A South African court on Friday approved a R5 billion ($350-million) settlement agreement in a class action against six gold mining giants brought by thousands of mineworkers who caught silicosis.
The agreement covers those who worked for African Rainbow Minerals, Anglo American SA, AngloGold Ashanti, Gold Fields, Harmony and Sibanye Stillwater between March 1965 up to the present.
A Johannesburg court said “all the parties made an effort to ensure that the settlement agreement is reasonable, adequate and fair.”
“The negotiations yielded the best possible settlement terms that the parties … could find in the circumstances,” it said.
The deal is expected to benefit more than 100,000 former mineworkers, who caught the lung disease, or their dependents.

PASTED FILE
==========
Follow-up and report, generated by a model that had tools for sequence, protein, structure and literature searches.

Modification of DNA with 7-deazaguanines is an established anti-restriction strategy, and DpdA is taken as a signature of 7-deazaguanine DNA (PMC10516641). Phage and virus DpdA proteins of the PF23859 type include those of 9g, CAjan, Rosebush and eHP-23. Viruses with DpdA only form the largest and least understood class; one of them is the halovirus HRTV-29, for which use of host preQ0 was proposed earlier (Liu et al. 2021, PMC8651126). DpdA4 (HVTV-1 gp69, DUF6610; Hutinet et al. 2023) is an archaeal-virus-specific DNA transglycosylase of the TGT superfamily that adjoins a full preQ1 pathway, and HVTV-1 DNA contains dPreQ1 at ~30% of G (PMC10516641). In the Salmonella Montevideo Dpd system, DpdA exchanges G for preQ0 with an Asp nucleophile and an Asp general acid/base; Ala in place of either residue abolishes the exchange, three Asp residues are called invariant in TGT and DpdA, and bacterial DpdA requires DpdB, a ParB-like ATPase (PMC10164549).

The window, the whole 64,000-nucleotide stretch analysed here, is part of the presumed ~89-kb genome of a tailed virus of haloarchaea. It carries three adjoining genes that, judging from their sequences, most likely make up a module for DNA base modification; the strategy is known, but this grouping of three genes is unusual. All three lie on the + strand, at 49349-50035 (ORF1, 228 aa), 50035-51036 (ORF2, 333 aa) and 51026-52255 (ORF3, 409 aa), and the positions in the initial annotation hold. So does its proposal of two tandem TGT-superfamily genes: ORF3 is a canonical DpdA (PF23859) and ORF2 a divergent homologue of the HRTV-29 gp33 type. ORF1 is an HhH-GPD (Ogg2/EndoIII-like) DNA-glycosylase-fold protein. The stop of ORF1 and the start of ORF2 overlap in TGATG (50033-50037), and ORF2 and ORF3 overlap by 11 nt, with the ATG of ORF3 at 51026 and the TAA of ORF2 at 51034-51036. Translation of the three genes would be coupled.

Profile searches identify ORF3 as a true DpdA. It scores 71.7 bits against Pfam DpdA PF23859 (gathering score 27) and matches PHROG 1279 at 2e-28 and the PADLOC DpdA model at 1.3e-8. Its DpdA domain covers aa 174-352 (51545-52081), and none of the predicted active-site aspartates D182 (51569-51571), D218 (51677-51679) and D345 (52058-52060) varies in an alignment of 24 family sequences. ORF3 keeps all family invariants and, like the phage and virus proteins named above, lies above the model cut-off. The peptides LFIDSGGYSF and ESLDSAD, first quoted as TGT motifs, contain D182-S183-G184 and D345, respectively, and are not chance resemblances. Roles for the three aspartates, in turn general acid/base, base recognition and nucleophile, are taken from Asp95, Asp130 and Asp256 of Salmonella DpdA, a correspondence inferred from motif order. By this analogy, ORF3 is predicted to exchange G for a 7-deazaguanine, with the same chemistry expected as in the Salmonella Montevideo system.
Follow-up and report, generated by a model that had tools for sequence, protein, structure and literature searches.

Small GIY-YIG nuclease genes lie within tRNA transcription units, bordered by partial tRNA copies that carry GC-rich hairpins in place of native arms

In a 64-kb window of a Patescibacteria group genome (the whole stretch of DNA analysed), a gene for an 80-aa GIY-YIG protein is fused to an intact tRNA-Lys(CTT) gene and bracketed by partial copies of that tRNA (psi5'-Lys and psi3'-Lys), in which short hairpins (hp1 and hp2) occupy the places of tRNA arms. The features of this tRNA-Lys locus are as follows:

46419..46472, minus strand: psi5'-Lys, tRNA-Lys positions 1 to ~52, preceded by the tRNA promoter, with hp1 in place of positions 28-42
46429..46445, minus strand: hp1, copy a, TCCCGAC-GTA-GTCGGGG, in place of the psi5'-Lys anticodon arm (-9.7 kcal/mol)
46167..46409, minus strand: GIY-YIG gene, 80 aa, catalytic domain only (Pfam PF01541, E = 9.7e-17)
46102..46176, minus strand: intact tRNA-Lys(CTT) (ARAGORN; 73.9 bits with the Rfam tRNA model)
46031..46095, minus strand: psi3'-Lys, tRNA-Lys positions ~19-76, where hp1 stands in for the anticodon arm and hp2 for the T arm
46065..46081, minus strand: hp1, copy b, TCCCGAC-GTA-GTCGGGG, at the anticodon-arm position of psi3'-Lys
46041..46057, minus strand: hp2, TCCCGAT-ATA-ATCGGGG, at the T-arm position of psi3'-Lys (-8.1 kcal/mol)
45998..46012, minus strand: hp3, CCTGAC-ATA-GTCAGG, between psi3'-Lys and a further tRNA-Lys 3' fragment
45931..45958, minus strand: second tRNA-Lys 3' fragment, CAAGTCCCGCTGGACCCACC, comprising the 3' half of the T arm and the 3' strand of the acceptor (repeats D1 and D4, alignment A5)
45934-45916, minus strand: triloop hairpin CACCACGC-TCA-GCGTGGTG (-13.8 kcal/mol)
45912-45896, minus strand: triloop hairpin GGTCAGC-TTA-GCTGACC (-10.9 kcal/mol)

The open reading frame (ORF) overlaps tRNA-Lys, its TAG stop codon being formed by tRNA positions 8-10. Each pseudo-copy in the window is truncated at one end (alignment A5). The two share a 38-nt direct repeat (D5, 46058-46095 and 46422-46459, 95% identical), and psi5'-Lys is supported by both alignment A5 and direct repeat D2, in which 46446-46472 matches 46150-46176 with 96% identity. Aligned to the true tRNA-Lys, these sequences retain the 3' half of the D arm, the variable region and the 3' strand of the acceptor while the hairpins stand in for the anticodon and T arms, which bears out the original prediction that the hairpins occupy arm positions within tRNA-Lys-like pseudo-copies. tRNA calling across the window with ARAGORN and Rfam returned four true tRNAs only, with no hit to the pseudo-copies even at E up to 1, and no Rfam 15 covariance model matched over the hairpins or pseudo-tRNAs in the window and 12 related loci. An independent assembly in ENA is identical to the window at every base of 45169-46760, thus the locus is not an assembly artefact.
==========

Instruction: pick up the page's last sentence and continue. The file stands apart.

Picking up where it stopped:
It was a result of years of legal battles after the Constitutional Court in 2011 ruled that mineworkers who had often accepted paltry compensation for their ill-health, could still sue.
Many of those affected were poor migrant labourers originally from countries neighbouring South Africa including Lesotho, Swaziland and Mozambique.
South Africa’s mines, which have attracted workers from across the region in the 130 years following the discovery of the world’s largest gold deposits, remain some of the world’s deepest and most dangerous.
A parliamentary committee on mineral resources welcomed the move.
“We believe that justice has finally prevailed, and that going forward, mining companies should always put the safety of workers first in order to prevent diseases that could potentially occur long after retirement,” said Sahlulele Luzipo.
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